File Photo: Photo provided by Korean Central News Agency (KCNA) on Dec. 2, 2016 shows top leader of the Democratic People's Republic of Korea (DPRK) Kim Jong Un (unseen) guiding an intensive artillery drill on Dec. 1, 2016. (Xinhua/KCNA)
NEW YORK, Sept. 25 (Xinhua) -- U.S. President Donald Trump has "declared a war" on the Democratic People's Republic of Korea (DPRK), the country's top diplomat said here on Monday.
"Last weekend, Trump claimed that our leadership wouldn't be around much longer. He declared a war on our country," Ri Yong-ho, the DPRK foreign minister, told reporters.
"Since the United States declared war on our country, we will have every right to take countermeasures, including the right to shoot down U.S. strategic bombers even when they are not inside the airspace border of our country," Ri said.
On Saturday, U.S. Air Force B-1B Lancer bombers and F-15C Eagle fighter escorts flew in international airspace over waters east of the DPRK, the Pentagon said.
"This is the farthest north of the Demilitarized Zone (DMZ) any U.S. fighter or bomber aircraft have flown" off the DPRK's coast in the 21st century, said the Pentagon, adding that the move underscored "the seriousness with which we take DPRK's reckless behavior."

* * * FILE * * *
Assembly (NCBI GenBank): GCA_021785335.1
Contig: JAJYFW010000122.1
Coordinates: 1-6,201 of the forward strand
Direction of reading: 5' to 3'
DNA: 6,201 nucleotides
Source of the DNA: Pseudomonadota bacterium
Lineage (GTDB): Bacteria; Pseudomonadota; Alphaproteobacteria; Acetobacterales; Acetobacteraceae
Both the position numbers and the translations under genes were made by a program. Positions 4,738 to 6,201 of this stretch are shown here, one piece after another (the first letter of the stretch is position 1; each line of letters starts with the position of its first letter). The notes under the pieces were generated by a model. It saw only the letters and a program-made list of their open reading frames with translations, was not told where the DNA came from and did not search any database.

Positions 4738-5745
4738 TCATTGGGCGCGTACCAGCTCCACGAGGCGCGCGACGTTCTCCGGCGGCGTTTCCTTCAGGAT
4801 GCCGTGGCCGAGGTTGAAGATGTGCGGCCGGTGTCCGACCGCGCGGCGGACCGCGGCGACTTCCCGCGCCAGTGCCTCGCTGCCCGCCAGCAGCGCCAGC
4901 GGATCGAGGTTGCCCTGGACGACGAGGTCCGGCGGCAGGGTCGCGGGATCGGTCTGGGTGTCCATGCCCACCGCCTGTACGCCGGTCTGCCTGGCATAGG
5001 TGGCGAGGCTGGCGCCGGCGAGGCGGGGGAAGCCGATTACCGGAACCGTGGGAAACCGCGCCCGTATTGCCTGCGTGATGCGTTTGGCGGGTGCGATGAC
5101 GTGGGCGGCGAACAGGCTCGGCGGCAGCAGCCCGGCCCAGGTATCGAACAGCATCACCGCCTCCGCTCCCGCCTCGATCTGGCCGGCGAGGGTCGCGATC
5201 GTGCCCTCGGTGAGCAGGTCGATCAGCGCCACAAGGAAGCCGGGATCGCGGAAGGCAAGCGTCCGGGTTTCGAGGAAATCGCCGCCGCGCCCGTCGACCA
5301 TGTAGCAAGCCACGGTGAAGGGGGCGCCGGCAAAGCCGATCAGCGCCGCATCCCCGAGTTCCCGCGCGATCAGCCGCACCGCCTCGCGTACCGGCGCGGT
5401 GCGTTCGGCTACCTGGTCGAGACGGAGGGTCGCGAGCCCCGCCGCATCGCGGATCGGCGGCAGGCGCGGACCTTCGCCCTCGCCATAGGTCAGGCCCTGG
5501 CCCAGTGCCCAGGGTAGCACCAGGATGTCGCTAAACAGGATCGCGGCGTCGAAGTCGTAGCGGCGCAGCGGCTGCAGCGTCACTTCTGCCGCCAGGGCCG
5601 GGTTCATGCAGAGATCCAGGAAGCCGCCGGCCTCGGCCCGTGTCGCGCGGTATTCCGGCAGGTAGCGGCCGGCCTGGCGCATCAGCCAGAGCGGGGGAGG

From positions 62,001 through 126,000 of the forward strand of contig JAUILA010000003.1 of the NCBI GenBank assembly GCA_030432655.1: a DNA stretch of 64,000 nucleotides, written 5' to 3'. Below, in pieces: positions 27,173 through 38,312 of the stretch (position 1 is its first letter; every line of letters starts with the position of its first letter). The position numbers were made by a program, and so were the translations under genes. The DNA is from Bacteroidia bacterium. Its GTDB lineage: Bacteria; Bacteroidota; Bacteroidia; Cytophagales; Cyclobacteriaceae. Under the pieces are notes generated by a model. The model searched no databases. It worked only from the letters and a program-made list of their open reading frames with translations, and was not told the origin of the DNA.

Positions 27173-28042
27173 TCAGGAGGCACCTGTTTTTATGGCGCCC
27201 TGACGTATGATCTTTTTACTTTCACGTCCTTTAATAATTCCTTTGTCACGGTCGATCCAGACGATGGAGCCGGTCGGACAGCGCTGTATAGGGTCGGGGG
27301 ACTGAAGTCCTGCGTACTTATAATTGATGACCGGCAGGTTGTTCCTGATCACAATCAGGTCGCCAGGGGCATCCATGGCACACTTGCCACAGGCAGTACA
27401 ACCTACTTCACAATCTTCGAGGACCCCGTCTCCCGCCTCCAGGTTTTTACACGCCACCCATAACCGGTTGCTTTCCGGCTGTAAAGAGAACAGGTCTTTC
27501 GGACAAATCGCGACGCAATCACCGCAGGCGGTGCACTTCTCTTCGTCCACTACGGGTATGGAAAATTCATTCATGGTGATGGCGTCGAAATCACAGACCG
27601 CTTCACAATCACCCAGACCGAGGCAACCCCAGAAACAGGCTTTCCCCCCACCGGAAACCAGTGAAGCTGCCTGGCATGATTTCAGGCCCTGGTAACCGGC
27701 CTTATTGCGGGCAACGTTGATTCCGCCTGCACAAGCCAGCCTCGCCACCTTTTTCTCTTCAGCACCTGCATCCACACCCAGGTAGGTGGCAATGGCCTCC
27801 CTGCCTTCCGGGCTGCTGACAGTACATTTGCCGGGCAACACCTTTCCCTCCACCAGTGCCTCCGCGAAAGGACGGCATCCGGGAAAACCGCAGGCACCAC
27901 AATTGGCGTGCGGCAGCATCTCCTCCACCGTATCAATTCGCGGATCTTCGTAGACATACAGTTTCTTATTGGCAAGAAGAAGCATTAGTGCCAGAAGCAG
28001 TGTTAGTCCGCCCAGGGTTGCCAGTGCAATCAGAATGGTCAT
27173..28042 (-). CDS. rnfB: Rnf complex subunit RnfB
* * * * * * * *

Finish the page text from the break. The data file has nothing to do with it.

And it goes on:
U.S. President Donald Trump also talked tough on the DPRK. In his first speech at the UN General Assembly on Sept. 19, Trump threatened that the United States "will have no choice than to totally destroy" the country unless Pyongyang refrains from its nuclear tests and missile launches.
Trump also signed a new order to ramp up sanctions on the DPRK on Sept. 21.
In response, DPRK's top leader Kim Jong Un vowed to retaliate, saying Trump "will face results beyond his expectation."
"I am now thinking hard about what response he could have expected when he allowed such eccentric words to trip off his tongue," Kim was quoted by the official Korean Central News Agency as saying in a statement released on Friday.
Kim also accused Trump of uttering "unprecedented rude nonsense that one has never heard from any of his predecessors," saying the threat to "totally destroy" a sovereign state has gone beyond the limit.